Hard-nosed | TheUnion.com


For Chelsea Haverty, the start of the Bear River girls basketball team’s preseason tournament game began like most of the 60-or-so others in her two and a half-year varsity career.

Seconds after tip off, the Bruin senior wing set up the defense at the top of the key.

A flash of white light and gush of crimson later, the three-year letter winner was out on her feet.

“The girl (I was guarding), just threw an elbow. I felt my nose and I knew something was wrong. Then I looked at my hands, and they were covered with blood,” she said. “I stood there for a while, then I just fell to the floor.”

Her nose broken, Haverty sat out the remainder of the game.

But thanks to some quick thinking from her father, Mike, she made it back for the next day’s game versus Northern Nevada power Reed (Reno).

“I really wanted to play (against Reed) because I knew it was going to be a big game. I knew my team needed me,” she said. “So that night my dad found a mask at a sporting goods store. He trimmed it down (in the hotel room).”

The Bruins came up 10 points short against Reed, but rebounded to win 17 of their next 18 games, no doubt thanks in part to the type of hard-nosed toughness Haverty displayed in that Reno gym.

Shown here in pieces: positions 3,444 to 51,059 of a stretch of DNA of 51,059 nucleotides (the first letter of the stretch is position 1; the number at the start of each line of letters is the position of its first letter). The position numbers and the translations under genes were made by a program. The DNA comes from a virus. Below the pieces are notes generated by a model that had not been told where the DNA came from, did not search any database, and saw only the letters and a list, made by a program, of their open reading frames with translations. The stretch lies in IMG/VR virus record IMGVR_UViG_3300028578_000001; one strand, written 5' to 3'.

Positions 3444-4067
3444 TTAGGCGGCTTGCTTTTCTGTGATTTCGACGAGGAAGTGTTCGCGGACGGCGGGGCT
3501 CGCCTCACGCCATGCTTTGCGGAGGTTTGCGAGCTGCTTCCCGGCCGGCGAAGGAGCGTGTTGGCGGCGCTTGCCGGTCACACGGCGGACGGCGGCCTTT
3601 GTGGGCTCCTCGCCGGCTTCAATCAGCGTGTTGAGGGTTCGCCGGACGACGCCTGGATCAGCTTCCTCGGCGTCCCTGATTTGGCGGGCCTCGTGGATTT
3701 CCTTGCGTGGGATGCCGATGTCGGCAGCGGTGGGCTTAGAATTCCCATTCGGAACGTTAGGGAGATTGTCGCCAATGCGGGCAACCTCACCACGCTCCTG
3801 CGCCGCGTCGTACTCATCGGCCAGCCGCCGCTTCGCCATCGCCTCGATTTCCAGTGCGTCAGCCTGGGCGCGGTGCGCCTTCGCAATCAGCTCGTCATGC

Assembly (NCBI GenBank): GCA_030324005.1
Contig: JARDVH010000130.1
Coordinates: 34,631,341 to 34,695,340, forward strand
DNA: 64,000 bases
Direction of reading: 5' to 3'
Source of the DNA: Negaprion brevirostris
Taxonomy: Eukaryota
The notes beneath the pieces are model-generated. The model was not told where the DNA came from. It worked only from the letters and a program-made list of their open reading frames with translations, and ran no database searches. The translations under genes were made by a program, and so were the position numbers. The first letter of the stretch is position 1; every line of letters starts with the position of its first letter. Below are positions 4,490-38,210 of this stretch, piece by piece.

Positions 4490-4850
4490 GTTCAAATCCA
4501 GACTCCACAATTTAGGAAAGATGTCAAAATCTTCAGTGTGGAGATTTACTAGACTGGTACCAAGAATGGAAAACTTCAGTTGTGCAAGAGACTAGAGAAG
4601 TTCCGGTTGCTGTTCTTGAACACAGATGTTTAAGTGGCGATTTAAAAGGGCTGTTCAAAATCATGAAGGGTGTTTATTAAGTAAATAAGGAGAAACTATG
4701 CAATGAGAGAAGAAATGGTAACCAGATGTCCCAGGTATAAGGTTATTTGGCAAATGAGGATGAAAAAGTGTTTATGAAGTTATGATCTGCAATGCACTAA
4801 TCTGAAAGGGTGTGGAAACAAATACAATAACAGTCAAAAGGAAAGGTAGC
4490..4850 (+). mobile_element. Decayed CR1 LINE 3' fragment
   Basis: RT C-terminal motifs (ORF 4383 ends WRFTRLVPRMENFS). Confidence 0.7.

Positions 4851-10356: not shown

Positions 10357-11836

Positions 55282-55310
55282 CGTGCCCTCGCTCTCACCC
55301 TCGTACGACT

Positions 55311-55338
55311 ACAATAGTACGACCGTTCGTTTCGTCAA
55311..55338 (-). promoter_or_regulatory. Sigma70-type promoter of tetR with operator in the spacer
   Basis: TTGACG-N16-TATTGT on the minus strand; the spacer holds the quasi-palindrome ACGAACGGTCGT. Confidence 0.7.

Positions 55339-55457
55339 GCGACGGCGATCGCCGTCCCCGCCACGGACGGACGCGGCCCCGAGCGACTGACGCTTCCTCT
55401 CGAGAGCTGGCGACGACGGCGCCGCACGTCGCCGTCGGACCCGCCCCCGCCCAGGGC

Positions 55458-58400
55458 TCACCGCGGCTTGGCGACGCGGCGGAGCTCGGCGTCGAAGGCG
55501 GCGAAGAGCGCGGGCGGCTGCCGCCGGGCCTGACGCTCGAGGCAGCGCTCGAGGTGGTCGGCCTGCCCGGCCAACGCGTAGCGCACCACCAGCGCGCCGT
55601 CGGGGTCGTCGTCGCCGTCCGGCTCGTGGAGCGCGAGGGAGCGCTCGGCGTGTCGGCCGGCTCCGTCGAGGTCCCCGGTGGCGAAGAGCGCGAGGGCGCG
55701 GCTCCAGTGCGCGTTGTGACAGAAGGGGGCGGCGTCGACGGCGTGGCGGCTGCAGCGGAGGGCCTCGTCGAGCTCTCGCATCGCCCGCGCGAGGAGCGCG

“She’s a nice kid, but on the floor she’s got some responsibilities where she has to be tough,” Bear River head coach Duwaine Ganskie said. “She came back right after she broke her nose. Those are the things (leaders) have to do.”

Getting defensive

Haverty was a year into her Bruin basketball career when her long frame and scary-quick moves caught Ganskie’s eye.

“By the time she was a sophomore, she was ready to compete at the varsity level. She had such great athleticism. Her ability to guard perimeter players as well as some post players made her invaluable,” Ganskie said.

Thanks to an overabundance of scoring threats in the Cardinal and Gray, Haverty was allowed to concentrate on defense during her first two varsity seasons.

That all changed with the start of this year.

“For the last two years, she knew she was on the best player on the other team. The biggest change this year is she’s no longer one of our role players, she’s a go-to player,” Ganskie said. “She’s got great quickness to the basket. We want her to attack the basket whenever she has the remote possibility to do so.”

“She handles the ball as well as anybody on the perimeter and she’s got the size to (post up), so it makes it very hard for teams to match up against her,” he added.

Haverty has fit into her new role nicely.

As of Tuesday, her 7.6 points a game is good enough for 11th in the Pioneer Valley League, according to maxpreps.com.

She’s also tops in the league in assists (74), fifth in 2-pointers made (71) and eighth in 3-pointers made (15).

The glamorous stuff aside, Haverty’s proven she’s just as productive doing the dirty work

Her 107 rebounds puts her in the league’s fifth spot. Mix in her 59 steals, which is third-best in the league, and it’s easy to see why Ganskie feels comfortable with Haverty at the helm.

“My role as team captain is to try to keep everyone focused on the main goal: Getting to Arco Arena (for the Sac-Joaquin Section Division III finals),” she said.

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